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Canine Influenza

written by Linda Aronson, DVM


Despite all the panic in the presses,
canine influenza is not the threat
we’ve been led to believe. This is not
bird flu. Still, we need to inform ourselves
of the facts so we can be prepared
in case our dogs get sick.
Canine influenza is a viral disease
and it is thought to be a mutation of
the virus that causes equine influenza.
Actually, this also is a group of
viruses. Dogs should never be vaccinated
with products intended for
the control of equine flu.
Two clinical forms have been reported
in dogs. The mild form resembles
kennel cough caused by the
Bor d a te l l a bron c hi s ep t i c a/
parainfluenza virus complex. Dogs
may have a dry cough - like kennel
cough - or a soft moist cough. This
form lasts for 10 to 30 days. There
may also be a thick, often green, nasal
discharge as a result of secondary
bacterial infection. Dogs with the
severe form have high fevers (104 to
106oF) and clinical signs of pneumonia
(possibly due to secondary bacterial
infection). Because this is a new
disease virtually all dogs will be susceptible
to infection, and about 80%
of exposed dogs will show signs of
illness; most though have the mild
form. About 5 to 8% of the dogs developing
pneumonia have died.
The disease was first seen among
racing greyhounds at a Florida track
in January 2004, from there it spread
to other tracks, and finally to pet
dogs, at first in pet shelters, humane
societies, pet stores, breeding kennels
and finally in the general pet
population. To check to see if canine
influenza has been reported in your
state go to the Cornell Veterinary Diagnostic
Laboratory site http://
www.diaglab.vet.cornell.edu/issues/
civ-stat.asp
Treatment for canine influenza is
largely supportive. If your dog develops
a nasal discharge and/or pneumonia
he should receive a broad
spectrum antibiotic. Dogs with the
severe form or any that are dehydrated
should receive intravenous
fluids too. Because dogs catch the
virus from other dogs avoiding sick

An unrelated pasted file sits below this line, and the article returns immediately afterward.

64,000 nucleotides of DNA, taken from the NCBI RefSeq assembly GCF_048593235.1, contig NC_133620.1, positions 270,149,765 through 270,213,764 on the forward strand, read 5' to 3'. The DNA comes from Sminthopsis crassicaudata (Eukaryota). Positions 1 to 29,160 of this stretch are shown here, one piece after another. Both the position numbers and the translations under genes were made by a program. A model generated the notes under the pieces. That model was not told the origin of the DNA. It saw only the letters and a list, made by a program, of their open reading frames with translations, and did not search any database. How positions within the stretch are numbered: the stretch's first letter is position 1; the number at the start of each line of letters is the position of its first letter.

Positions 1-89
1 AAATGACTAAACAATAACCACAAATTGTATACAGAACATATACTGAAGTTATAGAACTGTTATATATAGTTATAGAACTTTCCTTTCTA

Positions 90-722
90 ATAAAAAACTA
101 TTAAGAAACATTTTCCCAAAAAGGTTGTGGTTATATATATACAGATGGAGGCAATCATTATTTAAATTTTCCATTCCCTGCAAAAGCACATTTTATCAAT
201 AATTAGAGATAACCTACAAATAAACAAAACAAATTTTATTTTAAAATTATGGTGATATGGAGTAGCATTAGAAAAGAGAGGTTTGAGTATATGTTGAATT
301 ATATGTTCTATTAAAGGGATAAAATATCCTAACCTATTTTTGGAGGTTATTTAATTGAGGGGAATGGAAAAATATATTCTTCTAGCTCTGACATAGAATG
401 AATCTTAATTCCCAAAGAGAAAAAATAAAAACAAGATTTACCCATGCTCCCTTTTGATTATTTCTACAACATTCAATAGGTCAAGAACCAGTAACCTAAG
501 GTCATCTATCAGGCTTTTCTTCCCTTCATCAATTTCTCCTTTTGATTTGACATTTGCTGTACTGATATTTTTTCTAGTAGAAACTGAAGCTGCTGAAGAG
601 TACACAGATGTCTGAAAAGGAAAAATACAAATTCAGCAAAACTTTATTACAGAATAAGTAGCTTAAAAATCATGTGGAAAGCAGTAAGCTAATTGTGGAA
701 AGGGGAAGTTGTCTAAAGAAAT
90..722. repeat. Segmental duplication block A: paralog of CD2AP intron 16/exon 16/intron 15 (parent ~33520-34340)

dogs is the best prevention. Boarding
kennels and other places where dogs
are in close proximity should be carefully
monitored, and steer clear of sick
dogs. If you plan to leave your dog at
a kennel, ask if there are plans in
place to isolate any dogs that become
sick, and what action the kennel
would take should there be an outbreak.
The virus can also be passed
by respiratory secretions and contaminated
objects. Clothing, equipment,
surfaces and hands must be
cleaned and disinfected after exposure
to any dog showing signs of respiratory
illness – laundering is sufficient
for clothing.
Manufacturers are trying to produce
a vaccine against canine influenza. If
your dog is to be exposed to other
potentially infected dogs, some are
recommending vaccinating against
Bordatella bronchiseptica, parainfluenza
and adenovirus type 2, both to
prevent secondary superinfection of
dogs with canine influenza with these
diseases, and to make it easier to
rule out these diseases as the cause
of infection in sick dogs. However,
some dogs do develop kennel cough
subsequent to vaccination.
There is no rapid test for canine
influenza so care must be taken to
prevent the spread of all respiratory
diseases while test results are pending.
Antibodies to the virus do not
appear in the serum until 7 or more
days after the onset of clinical signs
(acute phase). Convalescent samples
can be collected 2 weeks later to
show that the infection is being
cleared. Post-mortem analysis of
fresh lung and tracheal tissue can
prove the cause of the pneumonia,
and Cornell is working on improving
viral detection in respiratory secretion
samples of live dogs.
At this time, it does not seem that
canine influenza can be spread to
other animals (even horses) or humans.
However, viruses do mutate,
and handling these dogs carefully,
not eating in their presence, etc is
recommended even when there are
no other dogs present.
+++++

A grateful thank you to Linda Aronson, DVM for the use of this article.